Turtle Islands Park – From Egg to Hatchling

Visitors get a front – row seat here to watch female turtles lay their eggs in the sand, and even take part in the action—helping park rangers gather eggs for incubation and releasing  baby  turtles  into  the  sea.  The  turtles  face  the  same  dangers  as  other  turtles worldwide. Many adult turtles are accidentally caught by fishing boats and drowned; and the survival rate of turtle hatchlings at most nesting sites is very low.Like  a  marine  version  of  Cirque  Du  Soleil, the  sea  turtles  seem  to  have  taken  this extraordinary  egg-laying  act  of  theirs  on the  road.  Halfway  round  the  globe,  the very same drama in Tortuguero is enacted every night on a tiny tropical island, off the coast of exotic Borneo.

Pulau Selligan is one of three islands in this   state-run   nature   sanctuary   in   the Malaysian part of Borneo, that big island in the South China Sea. (Borneo itself is divvied  up  between  Brunei,  Malaysia,  and Indonesia). Lying 40km (25 miles) offshore from the town of Sandakan, the sanctuary only  accepts  50  tourists  per  night.  Accommodations are extremely basic, and you have to stay  overnight—because  this  spectacular show only plays nighttime performances.

After arriving by speedboat from Sandakan,  you’re  free  to  laze  around  on  the beach  all  afternoon,  lulled  by  the  tropical sun  and  the  beautiful  blue  waters  of  the Sulu  Sea.  Here’s  the  extent  of  your  daytime  entertainment  options:  study  turtle exhibits  in  the  park  headquarters  (two species   nest   here,   green   turtles   and hawksbills),  visit  turtle  hatchlings  being raised in an outdoor nursery, or snorkel on the  shallow  coral  reef  that  surrounds  the island,  busy  with  tropical  fish.  (Borneo  in general  is  a  fantastic  scuba  destination, though  its  most  renowned  site,  Sipadan, has recently had resorts removed to prevent  further  degradation.)  On  the  soft white-sand beaches, you may notice some curious  tracks,  evidence  of  last  night’s turtle invasion—deep round flipper scoops on  either  side  of  a  wide  shallow  groove where the shell drags along.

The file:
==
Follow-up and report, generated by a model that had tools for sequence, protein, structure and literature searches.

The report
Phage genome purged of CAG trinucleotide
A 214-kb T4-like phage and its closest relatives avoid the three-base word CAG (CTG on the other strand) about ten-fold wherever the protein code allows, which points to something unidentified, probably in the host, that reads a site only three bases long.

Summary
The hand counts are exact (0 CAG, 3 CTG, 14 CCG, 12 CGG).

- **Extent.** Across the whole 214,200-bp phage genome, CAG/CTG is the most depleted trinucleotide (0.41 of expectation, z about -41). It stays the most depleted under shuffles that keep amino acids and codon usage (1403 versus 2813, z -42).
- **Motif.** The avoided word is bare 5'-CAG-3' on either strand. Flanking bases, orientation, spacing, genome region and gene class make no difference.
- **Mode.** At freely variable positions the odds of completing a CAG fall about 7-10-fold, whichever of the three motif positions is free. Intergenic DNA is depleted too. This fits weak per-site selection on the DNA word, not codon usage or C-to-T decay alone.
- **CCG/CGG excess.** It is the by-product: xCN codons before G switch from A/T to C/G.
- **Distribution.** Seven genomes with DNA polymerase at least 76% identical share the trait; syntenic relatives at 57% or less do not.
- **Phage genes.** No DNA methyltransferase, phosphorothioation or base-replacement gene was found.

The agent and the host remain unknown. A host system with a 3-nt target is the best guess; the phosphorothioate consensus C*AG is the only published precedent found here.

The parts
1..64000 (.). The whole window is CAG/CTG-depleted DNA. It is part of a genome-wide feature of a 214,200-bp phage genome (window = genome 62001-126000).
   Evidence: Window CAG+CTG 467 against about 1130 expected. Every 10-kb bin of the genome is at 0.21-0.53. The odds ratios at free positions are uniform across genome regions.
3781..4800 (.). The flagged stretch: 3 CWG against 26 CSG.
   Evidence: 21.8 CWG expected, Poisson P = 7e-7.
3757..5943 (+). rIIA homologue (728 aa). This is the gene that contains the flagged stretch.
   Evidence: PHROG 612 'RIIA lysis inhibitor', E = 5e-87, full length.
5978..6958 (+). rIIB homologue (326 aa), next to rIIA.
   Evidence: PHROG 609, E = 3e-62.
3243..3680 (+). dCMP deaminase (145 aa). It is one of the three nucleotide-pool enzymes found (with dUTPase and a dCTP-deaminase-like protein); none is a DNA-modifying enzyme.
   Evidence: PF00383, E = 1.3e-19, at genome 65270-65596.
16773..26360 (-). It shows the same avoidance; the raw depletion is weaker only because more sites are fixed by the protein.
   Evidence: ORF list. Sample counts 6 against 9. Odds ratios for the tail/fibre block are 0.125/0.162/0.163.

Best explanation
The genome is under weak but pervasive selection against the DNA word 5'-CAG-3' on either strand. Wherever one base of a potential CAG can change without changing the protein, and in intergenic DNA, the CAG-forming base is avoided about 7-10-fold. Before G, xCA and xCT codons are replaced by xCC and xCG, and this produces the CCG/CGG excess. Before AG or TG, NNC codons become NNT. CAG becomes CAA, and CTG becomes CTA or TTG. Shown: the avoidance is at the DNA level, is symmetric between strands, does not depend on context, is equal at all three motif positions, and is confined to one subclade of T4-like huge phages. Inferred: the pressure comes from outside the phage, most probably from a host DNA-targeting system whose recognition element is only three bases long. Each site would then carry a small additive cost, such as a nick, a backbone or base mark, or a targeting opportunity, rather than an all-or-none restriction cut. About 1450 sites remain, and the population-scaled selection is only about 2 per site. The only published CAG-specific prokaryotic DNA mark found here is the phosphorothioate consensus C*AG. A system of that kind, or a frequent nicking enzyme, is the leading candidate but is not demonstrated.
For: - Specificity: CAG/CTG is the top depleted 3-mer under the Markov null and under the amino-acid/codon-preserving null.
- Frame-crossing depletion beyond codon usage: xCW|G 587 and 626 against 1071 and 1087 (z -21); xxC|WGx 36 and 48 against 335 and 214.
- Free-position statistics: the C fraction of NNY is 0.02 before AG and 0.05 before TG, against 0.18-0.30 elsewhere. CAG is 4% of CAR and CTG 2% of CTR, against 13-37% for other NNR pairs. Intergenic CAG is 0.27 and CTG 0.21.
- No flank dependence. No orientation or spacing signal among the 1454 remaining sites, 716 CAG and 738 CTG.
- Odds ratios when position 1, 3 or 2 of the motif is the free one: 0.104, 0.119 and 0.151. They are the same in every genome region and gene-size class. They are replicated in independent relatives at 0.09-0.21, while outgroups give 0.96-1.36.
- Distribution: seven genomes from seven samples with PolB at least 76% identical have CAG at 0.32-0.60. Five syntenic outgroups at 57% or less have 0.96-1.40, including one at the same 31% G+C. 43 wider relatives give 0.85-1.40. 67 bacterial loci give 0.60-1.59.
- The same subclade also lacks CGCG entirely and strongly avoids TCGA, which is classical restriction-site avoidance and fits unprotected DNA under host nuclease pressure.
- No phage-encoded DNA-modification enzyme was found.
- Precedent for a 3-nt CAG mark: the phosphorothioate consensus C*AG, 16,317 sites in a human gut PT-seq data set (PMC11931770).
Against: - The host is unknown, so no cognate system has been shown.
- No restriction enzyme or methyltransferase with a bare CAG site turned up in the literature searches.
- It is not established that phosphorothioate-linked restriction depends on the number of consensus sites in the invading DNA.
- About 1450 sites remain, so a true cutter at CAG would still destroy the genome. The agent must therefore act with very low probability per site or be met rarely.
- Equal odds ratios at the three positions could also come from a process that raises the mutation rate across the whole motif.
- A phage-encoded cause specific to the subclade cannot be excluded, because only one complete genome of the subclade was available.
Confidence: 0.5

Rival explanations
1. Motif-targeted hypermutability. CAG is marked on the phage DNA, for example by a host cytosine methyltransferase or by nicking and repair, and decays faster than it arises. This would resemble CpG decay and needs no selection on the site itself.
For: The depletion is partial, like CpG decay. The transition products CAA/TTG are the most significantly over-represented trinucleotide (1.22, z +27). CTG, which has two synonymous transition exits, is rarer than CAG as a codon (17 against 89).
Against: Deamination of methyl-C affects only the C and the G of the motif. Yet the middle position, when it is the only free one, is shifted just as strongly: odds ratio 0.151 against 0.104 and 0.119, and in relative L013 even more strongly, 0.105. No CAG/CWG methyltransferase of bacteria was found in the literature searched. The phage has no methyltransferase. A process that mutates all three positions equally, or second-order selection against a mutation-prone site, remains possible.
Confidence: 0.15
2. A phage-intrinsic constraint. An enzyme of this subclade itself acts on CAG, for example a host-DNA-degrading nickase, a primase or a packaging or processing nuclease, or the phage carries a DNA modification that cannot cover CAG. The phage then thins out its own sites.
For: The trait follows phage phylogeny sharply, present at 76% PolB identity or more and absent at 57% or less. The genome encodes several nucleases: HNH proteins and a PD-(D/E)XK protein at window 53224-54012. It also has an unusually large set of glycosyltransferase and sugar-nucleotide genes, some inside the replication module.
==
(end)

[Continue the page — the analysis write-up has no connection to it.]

As  darkness  falls,  all  visitors  are  confined to the park headquarters, waiting for a signal from a ranger. Curtain time could be  anywhere  from  dusk  until  dawn,  and you can’t wait on the beach—if the turtles detect  humans  when  they  crawl  ashore, they  turn  right  around  and  swim  away. Once  the  signal  comes,  guests  go  with  a guide  down  to  the  beach  to  watch  the female turtles deposit their ping-pong ballshaped  eggs  into  a  hole  they’ve  scooped in the sand. They lay anywhere from 50 to 200  eggs  at  a  time,  trying  to  overcome with sheer numbers the vast odds against any one egg’s surviving.

The next act is even more memorable—the audience-participation part of the show. Rangers  move  the  new-laid  eggs  to  a nursery to incubate for the next 60 days—a measure that has dramatically increased the  survival  of  these  endangered  creatures—and   then   a   number   of   alreadyhatched  baby  turtles  are  brought  down from the nursery for guests to release back into  the  sea.  You  actually  get  to  hold  a sturdy  little  hatchling,  set  it  down  on  the beach,  and  watch  it  hustle  back  into  the sea.  It’s  completing  the  cycle  of  life—and you helped!

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